Yesterday we looked at the headlines from the day of Carole Lombard’s death, published before she perished in a plane crash later that day.
They all said the same thing, in different ways.
Carole Lombard and 21 Others Killed As Air Liner Crashes on Mountainside
Clark Gable joins search for body of film star wife
Mother of actress alone in plane; 15 Army men are other victims
Bulletin: Brokenhearted Clark Gable turned back today from the mountainside climb toward the wreckage of a transport plane carrying his actress wife, Carole Lombard, and 21 other persons, leaving the search to an experienced crew of Indians, soldiers and hardrock minors.
Film Star Clark Gable joined ground crews of hardrock miners, Indian trail blazers and soldiers hewing a path up Table Rock mountain today in search of the wreckage of a huge air transport in which his actress wife, Carole Lombard, and 21 others were believed to have perished.
Miss Lombard was accompanied by her mother and publicity representative, Otto Winkler, returning from Indianapolis. Ind., where Miss Lombard had appeared a a defense bond sales rally. Also on the plane were 15 officers and men of the army ferry command stationed at Long beach, Cal. Miss Lois Hamilton of Detroit was the only other passenger.
Ground crews were unable to sight the wreckage of the plan, altho (sic) a Western Air Express pilot informed TWA that he believed he had seen the wreckage of a plane burning on the eastern slope of Table Rock Mountain dividing Death Valley from Nevada.
The pilot, Art Cheney, reported he was unable to get close enough the identify the ship. The country is extremely mountainous.
Gable, who had waited some time at Lockheed air terminal in Los Angeles for the “delayed” flight on which Miss Lombard and her party had been passengers, flew to Las Vegas by Western Air Express, arriving early today.
He joined the search at once. When the ground crews moved toward the wreckage scene this morning, soldiers, cowboys and Indians had before them one of the most difficult climbs in western America terrain.
The Transcontinental and Western Airlines plane crashed about 20 miles west of here at 7:30pm. a few minutes after it had left Las Vegas on the last leg of a transcontinental flight to Los Angeles, 300 miles west of here.
Miners in the vicinity said they heard the plane explode with a thunderous roar. Flames from the burning wreckage could be seen for miles.
O.E. Saylor, purchasing agent at the Blue Diamond lead mine, said he heard the plane overhead a few minutes after it left Las Vegas.
“Then we heard and explosion and saw the plane afire against the mountain,” he said.
D. Houston, an employee at the mine, said he failed to hear the crash but joined other onlookers five minutes later and still could see the glow against the mountain.
“It’s a steep hill and plenty high and I doubt that anyone will climb it in less than half a day,” he said.
Clark county peace officers recruited Tweed Wilson, septuagenarian Indian, to aid in the search. Army officers ordered trucks and “jeeps” into the area.
The scene of the crash was almost inaccessible. A dozen horsemen and a powerful tractor were pressed into service.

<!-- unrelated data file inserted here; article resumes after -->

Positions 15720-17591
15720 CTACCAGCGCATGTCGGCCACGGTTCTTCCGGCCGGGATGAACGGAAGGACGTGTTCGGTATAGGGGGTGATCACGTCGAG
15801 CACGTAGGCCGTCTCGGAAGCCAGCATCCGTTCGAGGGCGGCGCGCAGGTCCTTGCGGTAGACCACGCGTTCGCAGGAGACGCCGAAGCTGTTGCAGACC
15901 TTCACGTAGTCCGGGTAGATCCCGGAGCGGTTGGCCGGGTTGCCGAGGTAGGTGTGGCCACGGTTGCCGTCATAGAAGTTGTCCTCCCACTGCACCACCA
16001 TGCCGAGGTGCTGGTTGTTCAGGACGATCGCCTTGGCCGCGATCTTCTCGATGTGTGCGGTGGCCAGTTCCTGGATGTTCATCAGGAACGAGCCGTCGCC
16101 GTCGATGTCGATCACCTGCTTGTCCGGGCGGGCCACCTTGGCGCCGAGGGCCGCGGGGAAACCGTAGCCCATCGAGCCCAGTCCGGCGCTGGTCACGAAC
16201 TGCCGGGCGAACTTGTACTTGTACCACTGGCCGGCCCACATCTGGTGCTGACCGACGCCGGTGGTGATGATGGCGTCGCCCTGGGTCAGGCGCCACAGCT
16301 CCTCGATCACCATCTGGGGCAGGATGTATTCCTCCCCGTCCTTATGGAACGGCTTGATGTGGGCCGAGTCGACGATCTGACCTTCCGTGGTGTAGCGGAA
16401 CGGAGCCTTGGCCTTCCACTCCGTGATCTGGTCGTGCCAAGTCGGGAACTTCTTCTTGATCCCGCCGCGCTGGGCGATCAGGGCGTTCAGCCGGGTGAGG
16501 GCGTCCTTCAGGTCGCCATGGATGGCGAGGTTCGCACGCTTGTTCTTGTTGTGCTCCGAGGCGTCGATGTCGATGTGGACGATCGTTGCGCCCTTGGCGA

The snow-covered mountain is an 8,000-foot elevation at the lower end of the Charleston range, which separates Nevada from Death Valley. It rises almost 5,000 feet from the valley on either side.
Willard George, Los Angeles furrier who owns the ranch were Tweed Wilson works, said he saw the transcontinental plane passing in the twilight and that its tail appeared to be bobbing up and down in a peculiar manner.
“It seemed to be out of control for a time,” he said, “as tho (sic) someone was fighting in the cockpit. ”
A few minutes after the plane passed from view, it crashed against the mountain not far from a beacon marking its course.
Maj. H.W. Anderson, executive officer of the Air Corps gunnery school at McCarran Field, was in charge of the searching party. because of the rugged terrain, it was believed it would be almost noon before the party reached the scene.
First word from the scene was expected to come from airplanes scheduled to fly over the wreck at daybreak.
The transport left Las Vegas just at dusk and apparently was behind schedule. The course from Las Vegas to Los Angeles is not lighted, altho (sic) beacons mark the path.
The airline reported only one civilian passenger, Lois Hamilton, Detroit, in addition to the three Hollywood residents. Members of the crew included W.C. Williams, pilot; Morgan A. Gilette, co-pilot and Miss A.F. Getz, hostess.
Passengers aboard the air liner which crashed last night were:
M.B. Affrine, corporal, Air Corps.
James C. Barham, second lieutenant, Air Corps.
A.M. Belejekak, sergeant, Air Corps.
Hal brown Jr., second lieutenant, Air Corps.
Frederick P. Cook, sergeant, Air Corps.
Robert E. Crouch, first lieutenant, Air Corps.
Frederick Dittman, Air Corps, rank undetermined.
K.T. Donahue, second lieutenant, Air Corps.
Mrs. Clark Gable (Carole Lombard), Hollywood.
Lois Hamilton, Detroit, Mich.
Robert F. Negren, first lieutenant, Air Corps.
Edgar A. Negren, sergeant, Air Corps (brother of Lieut. Negren).
Charles D. Nelson, second lieutenant, Air Corps.
Mrs. Elizabeth Peters, Mrs. Gable’s mother, Hollywood.
Stuart L. Swenson, second lieutenant, Air Corps.
Martin W. Tellrank, private, Air Corps.
David C. Tilgman, sergeant, Air Corps.
Nicholas Varsamine, private, Air Corps.
Otto Winkler, movie press agent, Hollywood.
W.C. Williams, pilot.
Morgan A. Gillette, co-pilot.
Miss Alice F. Getz, hostess.